Elly Truesdell, the local forager for Whole Foods Market's Northeast region, is constantly on the hunt for new and interesting finds. The store's first Brooklyn outpost is slated to open in six months, so she's looking for potential partnerships and tasting a good deal of food along the way. Here are a few of her favorite local dining spots.
803 Washington Ave., Crown Heights; +1-718-398-3575
This restaurant runs on island time, and with that in mind, it's one of the best dining experiences in Brooklyn. The five-table restaurant offers a limited Caribbean menu and is BYO. Their heaping homemade dishes include a hearty vegetarian curry with limas, chickpeas, red beans, and golden raisins and sides of stewed cabbage and rice (delicious staples that come with every order). The service is sassy — or, as I see it — as fresh as the plates being served.
Smorgasburg, 27 N. 6th St., Williamsburg; no phone
The Brooklyn Flea’s Saturday food stall frenzy is teeming with so many options you could go into a panic. I advise starting with a refreshing and calming sip: Make your way through smells of pork and doughnuts dropping in the fryer, and beeline for Grady’s Cold Brew, New Orleans-style iced coffee steeped overnight for a smooth, non-bitter result. With Grady’s in hand you can navigate the dozens of sandwich, dessert, and prepared options with caffeinated clarity.
80 Wythe Ave., Williamsburg; +1-718-460-8004
I love a hotel bar. Add impressive food and service, and I’m swooning. Reynards at the Wythe Hotel offers it all: beautiful setting, market-driven menu, servers that give just enough detail. Each plate is nicely sized and bright with herbs and infused oils. The aesthetic and atmosphere is so inviting it can trick you into thinking you’re a guest at the hotel, even if you live in Brooklyn.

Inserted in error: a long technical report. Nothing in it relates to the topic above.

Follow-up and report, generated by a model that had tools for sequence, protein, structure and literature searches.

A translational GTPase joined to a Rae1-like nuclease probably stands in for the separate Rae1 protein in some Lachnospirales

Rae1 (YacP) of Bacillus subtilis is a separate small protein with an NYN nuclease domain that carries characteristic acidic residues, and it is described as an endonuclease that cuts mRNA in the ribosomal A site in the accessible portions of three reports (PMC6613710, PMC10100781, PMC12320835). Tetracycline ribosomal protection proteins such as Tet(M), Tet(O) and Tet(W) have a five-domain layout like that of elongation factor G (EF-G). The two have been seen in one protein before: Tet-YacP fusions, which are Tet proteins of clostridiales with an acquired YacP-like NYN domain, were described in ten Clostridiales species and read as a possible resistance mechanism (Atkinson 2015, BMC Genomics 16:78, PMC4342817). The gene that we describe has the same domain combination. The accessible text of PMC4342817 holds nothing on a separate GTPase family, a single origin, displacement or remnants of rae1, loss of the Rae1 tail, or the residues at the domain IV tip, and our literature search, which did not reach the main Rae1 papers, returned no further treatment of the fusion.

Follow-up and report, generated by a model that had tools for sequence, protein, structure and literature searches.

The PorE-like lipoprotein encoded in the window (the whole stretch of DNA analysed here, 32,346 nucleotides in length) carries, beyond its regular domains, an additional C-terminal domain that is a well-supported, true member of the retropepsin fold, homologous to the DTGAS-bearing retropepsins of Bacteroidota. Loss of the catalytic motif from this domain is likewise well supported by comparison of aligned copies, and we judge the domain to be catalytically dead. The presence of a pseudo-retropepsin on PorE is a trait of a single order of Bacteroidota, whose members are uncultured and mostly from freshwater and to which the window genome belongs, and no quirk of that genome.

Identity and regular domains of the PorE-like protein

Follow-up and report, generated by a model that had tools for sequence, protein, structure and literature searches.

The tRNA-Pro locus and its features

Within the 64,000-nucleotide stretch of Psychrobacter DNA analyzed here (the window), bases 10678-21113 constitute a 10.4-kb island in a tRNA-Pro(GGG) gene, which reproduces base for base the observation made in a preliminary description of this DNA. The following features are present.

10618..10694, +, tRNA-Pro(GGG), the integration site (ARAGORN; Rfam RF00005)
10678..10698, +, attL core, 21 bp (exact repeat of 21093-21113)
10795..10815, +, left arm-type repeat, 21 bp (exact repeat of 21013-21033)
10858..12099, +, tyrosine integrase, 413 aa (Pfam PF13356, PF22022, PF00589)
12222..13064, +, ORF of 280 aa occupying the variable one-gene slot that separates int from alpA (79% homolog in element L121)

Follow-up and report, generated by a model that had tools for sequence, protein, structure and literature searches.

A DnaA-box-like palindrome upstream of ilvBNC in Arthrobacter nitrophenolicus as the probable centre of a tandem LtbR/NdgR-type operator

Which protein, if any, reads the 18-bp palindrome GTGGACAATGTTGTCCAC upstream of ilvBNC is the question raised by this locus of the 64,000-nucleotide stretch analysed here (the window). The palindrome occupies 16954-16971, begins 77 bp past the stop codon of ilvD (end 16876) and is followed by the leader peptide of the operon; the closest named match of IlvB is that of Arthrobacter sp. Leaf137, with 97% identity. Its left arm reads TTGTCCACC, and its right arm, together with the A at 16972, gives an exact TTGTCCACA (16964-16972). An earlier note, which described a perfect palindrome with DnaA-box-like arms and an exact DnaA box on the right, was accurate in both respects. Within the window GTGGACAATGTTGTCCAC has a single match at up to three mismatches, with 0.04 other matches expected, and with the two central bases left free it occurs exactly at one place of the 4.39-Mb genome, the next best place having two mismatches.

814 Union St., Park Slope; +1-718-230-3180
This is a carefully curated specialty food store that's been a Park Slope staple for ten years. The owner, who is often behind the counter, is friendly and brimming with knowledge, has selected an assortment of cheeses, charcuterie, baked goods, coffees, and other provisions that range from rare to classic. The jams, jellies, spreads, and condiments are especially impressive as the store is not driven by or overrun with new Brooklyn artisanal standards seen in most rookie shops. Instead, older and lesser-known producers, many from Manhattan, are represented on the shelves with chutneys, pâtés, biscuits, and pastries. Blue Apron is a fantastic picnic resource for those who find themselves in the neighborhood en route to Prospect Park.
552 Vanderbilt Ave., Prospect Heights; +1-718-576-6701
While stripped down and simple in décor, Chuko offers extreme depth and flavor surprises. There's a small menu and daily chalkboard specials to accompany four staple ramen choices. The pork and soy are delectable but the vegetarian miso with seasonal vegetables truly wins as far as flavor. You'll leave very full, having overdone it on snacks like salt-and-pepper chicken wings, spicy pickles, and a crispy kale salad. And by drinking every last drop of ramen broth.